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Perry County Students Uncover Hometown Secrets - abc27 WHTM

Perry County Students Uncover Hometown Secrets

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For a group of Newport High School students, the historic Landis House in their own hometown was the ideal place to combine natural curiosity with creative talents. It was a chance to utilize research techniques learned in their history classes, along with video training from communications media classes. It was an oral history project in conjunction with the Perry County Council of the Arts.

"This wasn't something you could just Google," said Communications Media student, Emily Kiner. "You actually had to do intense research and it was a once in a lifetime opportunity."

When the council inherited the Landis property from Mary Landis six years ago, little was known about the home's contents. Most artifacts were brought to Newport from Germany by the Landis family in 1933 as they fled a growing nazi threat. Among the artifacts researched by the students were a Bechstein grand piano, a 500 pound statue of the god Odin, props once used in Wagnerian operas and several mysterious paintings.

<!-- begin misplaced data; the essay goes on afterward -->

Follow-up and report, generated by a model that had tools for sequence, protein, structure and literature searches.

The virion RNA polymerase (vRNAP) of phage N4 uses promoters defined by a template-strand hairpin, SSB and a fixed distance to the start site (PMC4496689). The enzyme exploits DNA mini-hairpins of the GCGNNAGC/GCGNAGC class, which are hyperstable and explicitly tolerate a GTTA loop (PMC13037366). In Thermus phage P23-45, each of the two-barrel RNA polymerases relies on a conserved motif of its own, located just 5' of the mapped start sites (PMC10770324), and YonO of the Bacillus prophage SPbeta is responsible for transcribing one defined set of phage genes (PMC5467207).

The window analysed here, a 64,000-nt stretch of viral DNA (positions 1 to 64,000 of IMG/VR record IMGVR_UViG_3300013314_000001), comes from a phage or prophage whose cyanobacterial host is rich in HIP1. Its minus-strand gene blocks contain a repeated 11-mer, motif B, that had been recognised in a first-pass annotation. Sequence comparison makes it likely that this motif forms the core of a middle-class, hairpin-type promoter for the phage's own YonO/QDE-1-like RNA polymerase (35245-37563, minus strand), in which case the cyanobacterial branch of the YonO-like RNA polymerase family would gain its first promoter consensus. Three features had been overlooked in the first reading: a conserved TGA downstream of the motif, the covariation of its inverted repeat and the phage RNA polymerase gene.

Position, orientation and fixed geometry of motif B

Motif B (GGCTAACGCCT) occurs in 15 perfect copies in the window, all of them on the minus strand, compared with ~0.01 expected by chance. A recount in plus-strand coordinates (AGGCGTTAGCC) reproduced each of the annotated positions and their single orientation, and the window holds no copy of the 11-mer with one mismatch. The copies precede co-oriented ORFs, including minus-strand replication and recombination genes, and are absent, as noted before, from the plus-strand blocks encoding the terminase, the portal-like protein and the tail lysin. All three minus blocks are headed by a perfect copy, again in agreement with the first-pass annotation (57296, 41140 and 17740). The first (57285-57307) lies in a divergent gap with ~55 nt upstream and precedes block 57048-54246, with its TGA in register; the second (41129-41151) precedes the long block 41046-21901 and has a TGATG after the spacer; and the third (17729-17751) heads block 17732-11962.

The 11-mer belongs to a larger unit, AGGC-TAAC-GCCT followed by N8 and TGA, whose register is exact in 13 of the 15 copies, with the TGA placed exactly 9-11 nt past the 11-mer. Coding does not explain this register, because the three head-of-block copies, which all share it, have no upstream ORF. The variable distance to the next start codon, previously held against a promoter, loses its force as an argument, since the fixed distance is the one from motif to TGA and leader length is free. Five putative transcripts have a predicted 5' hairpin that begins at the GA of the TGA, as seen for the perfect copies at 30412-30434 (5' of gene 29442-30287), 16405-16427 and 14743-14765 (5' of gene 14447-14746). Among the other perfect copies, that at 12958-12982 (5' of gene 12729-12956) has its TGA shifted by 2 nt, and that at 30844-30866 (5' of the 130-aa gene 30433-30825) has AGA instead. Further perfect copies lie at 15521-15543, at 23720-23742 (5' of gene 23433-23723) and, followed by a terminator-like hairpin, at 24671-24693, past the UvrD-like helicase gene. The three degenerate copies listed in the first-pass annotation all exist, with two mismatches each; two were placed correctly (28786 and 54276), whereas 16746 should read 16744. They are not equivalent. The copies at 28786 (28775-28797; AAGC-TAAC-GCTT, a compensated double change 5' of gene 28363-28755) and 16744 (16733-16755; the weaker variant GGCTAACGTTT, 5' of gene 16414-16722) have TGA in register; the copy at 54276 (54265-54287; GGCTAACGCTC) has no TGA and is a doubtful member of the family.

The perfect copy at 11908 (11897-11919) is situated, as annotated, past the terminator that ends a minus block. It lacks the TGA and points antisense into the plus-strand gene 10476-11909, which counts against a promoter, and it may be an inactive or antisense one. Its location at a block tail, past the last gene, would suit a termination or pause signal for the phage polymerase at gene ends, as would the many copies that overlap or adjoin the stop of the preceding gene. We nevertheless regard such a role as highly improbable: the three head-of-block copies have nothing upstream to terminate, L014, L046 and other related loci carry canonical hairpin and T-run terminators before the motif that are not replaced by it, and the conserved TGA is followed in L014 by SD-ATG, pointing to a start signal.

"The signature looks really butchered and it's not really clear to know who actually painted it," noted senior Aaron Fisher, pointing to a painting he researched that featured a dog sitting in front of a large box. There are some that think the box is a coffin. But, Fisher's research revealed that box organs were common at the time of this painting.

When the students completed their research, professional videographer Rand, through a PCCA artist in residence program, oversaw production of the their videos. Some of videos included interviews with friends and relatives of the Landis family that were conducted last year by the art council's staff.

Fisher said his fellow researchers are hoping that their efforts are only a beginning in uncovering many untold stories remaining in the Landis House.

"Possibly we've created building blocks, you know, the first steps in more information being found on a lot of these artifacts," he said.

In all, thirteen videos were produced and can be seen on line or captured on smart phones by Landis House visitors.

"This really neat to see all your hard work come together and make a really cool project," added Kiner.

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